Digital programming, more channels, more choices, pay-per-view specials and high-speed Internet service are coming to a cable TV near you -- as long as you live within the coverage area of GCI.
Work has already begun on the needed digital conversion to GCI's system, which extends from east Kalifornsky Beach Road from the mouth of the Kenai River to just east of Soldotna, up to roughly Kenai city limits in the north. The $2 million upgrade will give GCI more bandwidth on its cables and allow it to offer more channels and other services.
The company plans to launch the expanded service in the first quarter of 2002, said Sherrie Sheridan, system manager for GCI in Soldotna, hopefully early in the year.
"The community has been hungry for this for a long time," Sheridan said.
No channels will be deleted in the upgrade, and 17 new ones will be added. Though the new line up has not been finalized, Sheridan said there will be several new special interest channels featuring health, science and technology, as well as four new Fox Sports regional channels and Turner Movie Classics.
The premium channel line-up will be expanded as well, with no increase in price. For instance, there are currently two HBO channels for $12.95 per month; after the upgrade, there will be seven for the same price. The same goes for Cinemax, which will expand from one channel to eight for the same $6.95 per month. The Showtime and The Movie Channel's two channels will expand to nine for $11.95. Starz, another movie service, will feature a dozen channels for $12.95.
GCI also will offer an even more basic cable package, called limited basic, which will offer 12 channels for a discounted rate over preferred basic. Preferred basic will increase to 45 channels.
"This really gives people a choice," Sheridan said.
The TV Guide channel will become interactive for those who choose the expanded digital programming package. It will allow the viewer to selectively see only the type of programming they want, such as only the sporting events scheduled, or only soap operas or movies. It also will allow parents to block certain channels so children can't see them.
The expanded service also will include 40 digital music channels, accessible from the TV screen or a digital set-top box, which can be connected to a home stereo.
High-speed Internet service will be available with the upgrade. The digitalization of the GCI system will allow for Internet traffic to fit in the bandwidth available and allow for two-way communication. The service, at 256 kilobytes per second, is comparable in speed to GCI's high-speed competitor, ACS, which entered the market a year ago. Sheridan said the cost of the service will mirror either Anchorage, at $39.95, or Valdez, at $49.95 per month.
GCI company spokesperson David Morris in Anchorage dispelled two misconceptions about cable modem service. One is that connection speed slows appreciably as more customers are added to the service.
"Bandwidth is a red herring. The Internet is a shared medium, regardless if you're using cable, DSL, wireless or dial-up," he said. "If a lot of users are on at the same time, wherever it is, it will slow down."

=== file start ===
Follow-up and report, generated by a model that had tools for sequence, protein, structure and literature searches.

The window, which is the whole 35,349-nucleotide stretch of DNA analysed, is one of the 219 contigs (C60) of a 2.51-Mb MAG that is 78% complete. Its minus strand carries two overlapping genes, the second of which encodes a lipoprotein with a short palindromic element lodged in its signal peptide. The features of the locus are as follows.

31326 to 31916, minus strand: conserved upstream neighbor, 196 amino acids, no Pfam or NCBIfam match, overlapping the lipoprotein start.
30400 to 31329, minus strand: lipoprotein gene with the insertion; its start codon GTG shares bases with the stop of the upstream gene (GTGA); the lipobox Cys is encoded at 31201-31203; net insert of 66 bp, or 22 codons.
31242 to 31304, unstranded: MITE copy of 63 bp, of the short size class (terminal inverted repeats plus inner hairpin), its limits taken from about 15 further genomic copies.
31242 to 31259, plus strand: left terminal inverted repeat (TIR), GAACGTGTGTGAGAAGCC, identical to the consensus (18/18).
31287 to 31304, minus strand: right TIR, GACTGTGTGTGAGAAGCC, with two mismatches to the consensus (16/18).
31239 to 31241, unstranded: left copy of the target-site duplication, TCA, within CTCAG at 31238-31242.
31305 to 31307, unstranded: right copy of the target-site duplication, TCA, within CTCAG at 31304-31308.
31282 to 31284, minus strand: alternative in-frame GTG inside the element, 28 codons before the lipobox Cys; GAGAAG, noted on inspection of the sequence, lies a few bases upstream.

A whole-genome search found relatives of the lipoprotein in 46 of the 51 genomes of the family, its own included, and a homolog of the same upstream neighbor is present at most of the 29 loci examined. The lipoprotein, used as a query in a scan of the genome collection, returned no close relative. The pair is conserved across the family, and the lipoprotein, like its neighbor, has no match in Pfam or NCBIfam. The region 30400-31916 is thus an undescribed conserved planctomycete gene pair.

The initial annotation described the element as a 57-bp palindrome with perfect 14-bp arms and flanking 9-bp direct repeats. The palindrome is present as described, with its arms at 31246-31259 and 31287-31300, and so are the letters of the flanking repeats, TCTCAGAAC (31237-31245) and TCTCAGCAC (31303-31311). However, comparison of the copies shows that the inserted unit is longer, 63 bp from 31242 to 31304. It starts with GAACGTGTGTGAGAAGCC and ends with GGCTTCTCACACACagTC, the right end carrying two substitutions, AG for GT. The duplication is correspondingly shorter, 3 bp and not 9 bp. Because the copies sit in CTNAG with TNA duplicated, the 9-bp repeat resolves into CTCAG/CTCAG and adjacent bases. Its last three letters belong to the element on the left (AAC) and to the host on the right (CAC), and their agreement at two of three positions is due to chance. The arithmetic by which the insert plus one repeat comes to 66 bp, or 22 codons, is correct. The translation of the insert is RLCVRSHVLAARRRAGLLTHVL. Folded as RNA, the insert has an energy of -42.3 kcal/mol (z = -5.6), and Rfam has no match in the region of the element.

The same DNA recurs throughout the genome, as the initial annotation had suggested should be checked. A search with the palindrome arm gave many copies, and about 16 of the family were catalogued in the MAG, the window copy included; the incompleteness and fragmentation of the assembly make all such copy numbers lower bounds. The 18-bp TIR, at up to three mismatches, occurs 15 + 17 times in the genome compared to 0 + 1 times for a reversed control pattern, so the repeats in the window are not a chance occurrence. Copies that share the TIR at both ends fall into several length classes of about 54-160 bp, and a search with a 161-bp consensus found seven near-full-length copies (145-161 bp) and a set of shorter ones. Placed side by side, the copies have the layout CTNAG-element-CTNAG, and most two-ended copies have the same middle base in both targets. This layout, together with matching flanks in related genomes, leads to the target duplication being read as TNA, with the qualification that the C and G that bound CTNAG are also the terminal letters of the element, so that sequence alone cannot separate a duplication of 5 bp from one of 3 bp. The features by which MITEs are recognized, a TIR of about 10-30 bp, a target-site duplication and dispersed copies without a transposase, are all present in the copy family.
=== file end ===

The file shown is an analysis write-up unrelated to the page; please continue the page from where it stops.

He said the perception that cable modems slow too much came when the service was first developed in the Lower 48 by cable companies that didn't know anything about telephony.
"When we rolled out our service up here, because of our telephony background, we built the architecture of our network quite different," Morris said.
He added that as more customers sign up in Anchorage, GCI has been installing additional equipment to handle them.
The other issue surrounding cable modems are that they are less secure than other services. In some cases, a person's computer could be called up on a neighbor's computer, the cable connection acting essentially as a network among all those served in a certain area.
"Anytime you're on the Internet, you are exposed to certain security risks," Morris said. "It becomes an issue of what degree of security you want."
He said some people simply turn off file sharing in their computer's control panels, others install passwords to access information on their machines, while others will install software or hardware firewalls, which filter traffic into the computer.
He said a feature of GCI's service is that networking is configurable, allowing virtual private networks just inside homes, if the customer wishes. As a default, virtual private networking is turned off, though the customer can request it be turned on.
As part of the upgrade, there will be a six-week period of occasional service outages, though they will be between midnight and 7 a.m. -- only a problem for insomniacs.
With the late-night upgrade work will also come late night workers, sometimes in the right-of-way near people's homes.
"We're trying to get the word out, putting ads in the paper, putting door hangers on homes in areas most sensitive, letting people know there may be construction crews in their back yards working on equipment," Sheridan said. "We want to make sure the community is aware."
She said the workers will be "clearly marked" as GCI contractors and have identification on them.
"We hope nobody gets frightened in the middle of the night," she said. "We hope the slight inconvenience will be more than outweighed by the benefits."
The outage schedule will be posted on cable channel 98.
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